The Obama administration is in the final stages of plans to close the Guantanamo Bay military prison in Cuba, the White House press secretary said Wednesday. Barack Obama pledged to close the prison while campaigning for president in 2007, and soon after taking office in 2009 he signed an executive order to close the facility within one year.
But since then, deadline extensions, moratoriums and political opposition have stalled the plan to close the prison, which opened under President George W. Bush in 2002 -- in the wake of the terror attacks of Sept. 11, 20o1. It houses suspected terrorists, due to allegations of torture and other human rights violations.
But now the Obama administration is in the "final stages of drafting a plan to safely and responsibly" close the prison, press secretary Josh Earnest said, as CNN reported, adding that closing the facility "has been something that our national security officials have been working on for quite some time."
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The revelation came in response to questions prompted by a New York Times article on Wednesday, suggesting that the White House was "faltering" in its current push to close the prison due to legislative opposition and indecision from Defense Secretary Ashton Carter.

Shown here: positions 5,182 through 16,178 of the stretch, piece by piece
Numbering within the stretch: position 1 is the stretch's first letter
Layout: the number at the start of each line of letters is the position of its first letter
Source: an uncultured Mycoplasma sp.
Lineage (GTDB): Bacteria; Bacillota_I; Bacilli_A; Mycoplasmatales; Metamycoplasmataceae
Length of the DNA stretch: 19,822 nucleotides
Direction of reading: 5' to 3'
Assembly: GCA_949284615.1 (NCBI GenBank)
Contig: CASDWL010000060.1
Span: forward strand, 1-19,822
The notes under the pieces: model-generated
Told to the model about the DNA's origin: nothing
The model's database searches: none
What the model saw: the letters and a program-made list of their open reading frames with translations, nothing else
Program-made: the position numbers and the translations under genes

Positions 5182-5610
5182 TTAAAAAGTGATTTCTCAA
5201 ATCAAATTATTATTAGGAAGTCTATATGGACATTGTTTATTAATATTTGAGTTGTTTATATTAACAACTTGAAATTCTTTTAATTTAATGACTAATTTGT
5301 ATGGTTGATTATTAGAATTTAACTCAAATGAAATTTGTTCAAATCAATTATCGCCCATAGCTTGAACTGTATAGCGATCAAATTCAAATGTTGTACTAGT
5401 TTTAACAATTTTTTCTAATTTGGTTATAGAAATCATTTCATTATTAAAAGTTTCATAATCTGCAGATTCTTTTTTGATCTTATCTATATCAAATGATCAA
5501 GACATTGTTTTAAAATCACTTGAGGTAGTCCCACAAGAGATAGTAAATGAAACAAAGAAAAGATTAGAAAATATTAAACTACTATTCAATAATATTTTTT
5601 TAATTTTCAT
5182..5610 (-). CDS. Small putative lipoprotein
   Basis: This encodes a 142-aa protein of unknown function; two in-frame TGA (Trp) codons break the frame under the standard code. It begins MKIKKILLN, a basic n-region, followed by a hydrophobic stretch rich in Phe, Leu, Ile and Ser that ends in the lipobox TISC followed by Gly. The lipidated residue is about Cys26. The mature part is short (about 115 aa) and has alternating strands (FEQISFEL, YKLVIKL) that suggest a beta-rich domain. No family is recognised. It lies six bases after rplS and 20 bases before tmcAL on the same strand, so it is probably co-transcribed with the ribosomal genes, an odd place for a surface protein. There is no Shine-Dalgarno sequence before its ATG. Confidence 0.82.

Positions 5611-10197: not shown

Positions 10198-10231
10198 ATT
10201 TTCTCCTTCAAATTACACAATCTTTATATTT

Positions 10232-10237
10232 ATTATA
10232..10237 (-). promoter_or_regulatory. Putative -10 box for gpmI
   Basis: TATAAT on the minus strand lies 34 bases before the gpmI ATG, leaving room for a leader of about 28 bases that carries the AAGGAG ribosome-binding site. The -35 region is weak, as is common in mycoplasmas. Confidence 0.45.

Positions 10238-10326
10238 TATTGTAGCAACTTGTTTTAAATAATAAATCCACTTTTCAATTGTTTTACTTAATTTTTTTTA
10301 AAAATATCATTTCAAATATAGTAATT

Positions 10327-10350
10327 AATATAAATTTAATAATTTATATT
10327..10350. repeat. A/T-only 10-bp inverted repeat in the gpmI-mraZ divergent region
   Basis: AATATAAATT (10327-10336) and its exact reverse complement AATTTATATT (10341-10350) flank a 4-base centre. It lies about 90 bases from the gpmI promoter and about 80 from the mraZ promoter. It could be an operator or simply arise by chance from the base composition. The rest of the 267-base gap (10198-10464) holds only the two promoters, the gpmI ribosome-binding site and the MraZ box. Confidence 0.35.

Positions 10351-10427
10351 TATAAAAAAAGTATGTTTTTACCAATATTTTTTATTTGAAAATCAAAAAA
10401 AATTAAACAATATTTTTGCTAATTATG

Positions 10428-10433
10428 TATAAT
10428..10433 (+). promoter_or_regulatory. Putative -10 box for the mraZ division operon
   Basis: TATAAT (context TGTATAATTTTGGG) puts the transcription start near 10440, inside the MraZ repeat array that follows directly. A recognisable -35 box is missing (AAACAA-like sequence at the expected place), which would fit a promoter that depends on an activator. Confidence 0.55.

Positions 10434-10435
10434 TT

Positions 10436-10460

“This is a goal that the entire national security team is working together to fulfill -- from the White House to the Departments of Defense, State and Justice, as well as the intelligence community,” Lisa O. Monaco, Obama's top counterterrorism adviser, told the New York Times on Tuesday. “The safety of Americans is our first priority, and each transfer decision involves careful vetting and negotiation of detailed security arrangements. These deliberations take time because these are important decisions.”
The Guantanamo Bay prison, which currently houses 116 prisoners, has been internationally criticized for having personnel use methods of torture, including waterboarding, on detainees.
The naval facility in Guantanamo Bay has also been a source of tension between the United States and Cuba, even as relations between the two countries have begun to thaw. At the opening of the Cuban Embassy in Washington, the Cuban foreign minister requested "the return of the illegally occupied territory of Guantanamo," CNN reported.
U.S. Secretary of State John Kerry deferred the request, saying that "at this time there is no discussion and no intention on our part at this moment to alter the existing lease treaty or other arrangements with respect to the naval station," CNN reported.